we bought a house on my 32nd birthday - a 100 year old midwestern four square that had been deeply and messily loved. we stumbled upon a group of friends who included us on an epic night at the state fair, with bumper cars, 4H milkshakes and cotton candy as expected. i started listening to my body more and clearing space in my head for dreaming. the cats now see rabbits, cardinals and chipmunks from the porch. the sunday times is delivered to our door and the neighbor's kid mows the lawn.

i don't know what comes next, really. there isn't closure to that part of the story yet, we're still living it day to day. maybe the midwest is our secret forever home; maybe we're just halfway through with our cross country move and taking a long break. but the not knowing part, the part that used to scare me? i'm cured of that.

robin's egg blue

five years is a long time. since the last time i updated this blog, many things happened, both expected and unexpected:

1. i graduated from business school and was (somewhat shockingly) the exact same person i was before.

2. grace and i got married, mainly for tax reasons, but found it to be intensely moving and meaningful. and realized that the term "honeymoon" is accurate.

3. we left our home of 10 years in brooklyn and moved to the middle of the country, to a city we had only been once before, and bought a house and car.

4. we both experienced substantial professional growth, but also realized how little it means in comparison to our deepening friendships, which have grown to be some of the most meaningful relationships of our lives.

5. a nest of robin's eggs appeared on our front porch nestled in our christmas wreath. just yesterday, all five baby birds finally flew away. 

who knew

1. that i love riding in small planes?

2. waking up to my cat staring at the snowfall would make my day?

3. that coffee really prevents one from sleeping?

4. fear of judgment is a very hard feeling to shake?

5. reading novels and poems is ceaselessly wonderful and amazing?

6. b-school is all sorts of hellish (maybe i should have known that)?


four things:

1. grace has a blog! it's not actually a real blog, it's a tumblr. it's amazing, but i'm obviously biased.

2. this haiku just totally blew me away and made me feel totally lame about all the business school haiku's i've been tweeting.

even in kyoto –
hearing the cuckoo’s cry –
i long for kyoto.
basho, trans. hass

3. did you know this is my favorite poem? it has been doing some real heavy lifting sustaining me through these first three months of business school.

meditation at lagunitas, robert hass

all the new thinking is about loss.
in this it resembles all the old thinking.
the idea, for example, that each particular erases
the luminous clarity of a general idea. that the clown-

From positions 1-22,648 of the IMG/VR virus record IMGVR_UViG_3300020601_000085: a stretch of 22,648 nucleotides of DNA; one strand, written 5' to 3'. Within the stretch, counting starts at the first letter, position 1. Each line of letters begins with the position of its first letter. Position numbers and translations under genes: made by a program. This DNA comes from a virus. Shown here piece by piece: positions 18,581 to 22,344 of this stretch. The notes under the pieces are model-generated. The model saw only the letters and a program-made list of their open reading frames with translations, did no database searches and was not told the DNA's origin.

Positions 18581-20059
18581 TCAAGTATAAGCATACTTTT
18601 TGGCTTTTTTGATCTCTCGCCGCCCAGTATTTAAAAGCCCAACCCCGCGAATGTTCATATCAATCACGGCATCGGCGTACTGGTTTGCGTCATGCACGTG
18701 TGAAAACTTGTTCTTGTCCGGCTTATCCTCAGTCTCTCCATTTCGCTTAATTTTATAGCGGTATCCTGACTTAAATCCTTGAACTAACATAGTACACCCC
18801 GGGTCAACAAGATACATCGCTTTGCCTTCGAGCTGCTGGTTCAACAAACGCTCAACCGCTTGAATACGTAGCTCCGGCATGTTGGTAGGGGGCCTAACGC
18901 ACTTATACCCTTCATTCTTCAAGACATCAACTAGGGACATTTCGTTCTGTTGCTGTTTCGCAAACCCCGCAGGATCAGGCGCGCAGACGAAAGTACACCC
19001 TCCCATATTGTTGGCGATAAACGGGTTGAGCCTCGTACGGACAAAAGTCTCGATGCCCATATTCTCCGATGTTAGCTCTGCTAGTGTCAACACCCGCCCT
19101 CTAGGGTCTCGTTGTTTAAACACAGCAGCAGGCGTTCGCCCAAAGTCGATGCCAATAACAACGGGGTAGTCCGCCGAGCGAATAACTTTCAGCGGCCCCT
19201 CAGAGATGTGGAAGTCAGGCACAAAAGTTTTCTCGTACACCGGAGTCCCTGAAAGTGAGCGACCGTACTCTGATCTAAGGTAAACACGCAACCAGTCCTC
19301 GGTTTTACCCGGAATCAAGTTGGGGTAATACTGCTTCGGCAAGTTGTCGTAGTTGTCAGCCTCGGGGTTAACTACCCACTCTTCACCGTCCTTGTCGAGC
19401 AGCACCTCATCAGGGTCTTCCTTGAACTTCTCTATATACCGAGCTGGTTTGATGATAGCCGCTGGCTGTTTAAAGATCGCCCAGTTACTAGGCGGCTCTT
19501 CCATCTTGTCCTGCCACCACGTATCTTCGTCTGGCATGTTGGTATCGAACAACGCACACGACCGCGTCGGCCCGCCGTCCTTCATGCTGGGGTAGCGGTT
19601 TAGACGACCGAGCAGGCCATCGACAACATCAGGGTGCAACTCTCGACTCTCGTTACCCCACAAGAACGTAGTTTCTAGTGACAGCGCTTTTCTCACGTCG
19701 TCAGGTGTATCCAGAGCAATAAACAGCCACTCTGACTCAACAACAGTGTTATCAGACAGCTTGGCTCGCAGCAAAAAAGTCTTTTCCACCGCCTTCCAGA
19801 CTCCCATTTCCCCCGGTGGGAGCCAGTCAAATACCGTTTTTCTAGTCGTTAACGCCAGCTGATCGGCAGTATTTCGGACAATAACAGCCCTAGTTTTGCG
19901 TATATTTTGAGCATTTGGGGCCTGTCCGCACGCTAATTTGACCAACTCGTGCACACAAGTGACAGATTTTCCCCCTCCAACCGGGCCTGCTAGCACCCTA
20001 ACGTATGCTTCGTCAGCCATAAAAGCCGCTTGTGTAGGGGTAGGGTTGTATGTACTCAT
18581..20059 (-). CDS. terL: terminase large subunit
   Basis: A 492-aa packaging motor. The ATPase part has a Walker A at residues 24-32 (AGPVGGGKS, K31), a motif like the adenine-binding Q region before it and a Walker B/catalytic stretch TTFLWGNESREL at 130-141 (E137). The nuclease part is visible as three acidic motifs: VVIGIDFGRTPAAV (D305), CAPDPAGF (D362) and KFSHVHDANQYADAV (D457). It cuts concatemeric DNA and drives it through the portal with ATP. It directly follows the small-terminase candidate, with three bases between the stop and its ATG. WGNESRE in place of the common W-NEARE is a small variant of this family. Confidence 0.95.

faced woodpecker probing the dead sculpted trunk
of that black birch is, by his presence,
some tragic falling off from a first world
of undivided light. or the other notion that,
because there is in this world no one thing
to which the bramble of blackberry corresponds,
a word is elegy to what it signifies.
we talked about it late last night and in the voice
of my friend, there was a thin wire of grief, a tone
almost querulous. after a while I understood that,
talking this way, everything dissolves: justice,
pine, hair, woman, you and I. there was a woman
I made love to and I remembered how, holding
her small shoulders in my hands sometimes,
I felt a violent wonder at her presence
like a thirst for salt, for my childhood river
with its island willows, silly music from the pleasure boat,
muddy places where we caught the little orange-silver fish
called pumpkinseed. it hardly had to do with her.
longing, we say, because desire is full
of endless distances. i must have been the same to her.
but I remember so much, the way her hands dismantled bread,
the thing her father said that hurt her, what
she dreamed. there are moments when the body is as numinous
as words, days that are the good flesh continuing.
such tenderness, those afternoons and evenings,
saying blackberry, blackberry, blackberry.

4. it is gross how neglectful i've been of this blog in the past couple of months. i am planning to try and change that (can i be more non-committal?). please bear with me. it's not over yet.

dressing up a dresser

last spring i decided to upgrade my old dresser. it was from target, and chosen swiftly during the sea change that is post-college life. darkly paneled, with brushed steel handles, the dresser looked nice enough sitting on the sterile target shelves. i've used it for four solid years now and despite a couple of scratches and chips, it has held up remarkably well for something under $75. all this being said, i've never had any particular devotion to it, seeing it as less "mine" than something i use.

so, during last spring's room-renovation, while i was scouring craigslist for furniture, i came upon a very dear cream dresser. it is solid wood with some classy, yet whimsical woodwork at the bottom and top. when the owner mentioned to me that it was his childhood dresser, whilst growing up in park slope, i was sold. i imagined rubber handballs hidden in amongst the underwear and grubby nickels stuffed in a sock. this dresser, with its rich history, could feel like it was mine.

but not without some help. the cream paint (at least two decades old) was stripped with the help of a power sander. (fyi, take a lesson from me and wear a mask when power sanding. i cannot stress to you how gross it is if you don't!) i applied a coat of primer, then two coats of a dusty blue/green. new knobs had to be found and installed, requiring new holes to be drilled and old ones epoxied over. i even had a vinyl sticker custom made (thanks etsy!) depicting wildflowers in riotously bright colors. and to top it all off (literally) a piece of glass cut to fit and protect the dresser's top.

now, i feel like this is mine uniquely, and all the more satisfying because it was the product of my own two hands. but, ironically enough, it sits unused in the spare bedroom, as i can't yet bear to part with my target dresser. i guess change, no matter how much i want it, is always hard for me. even with a dresser.

Powered by Blogger.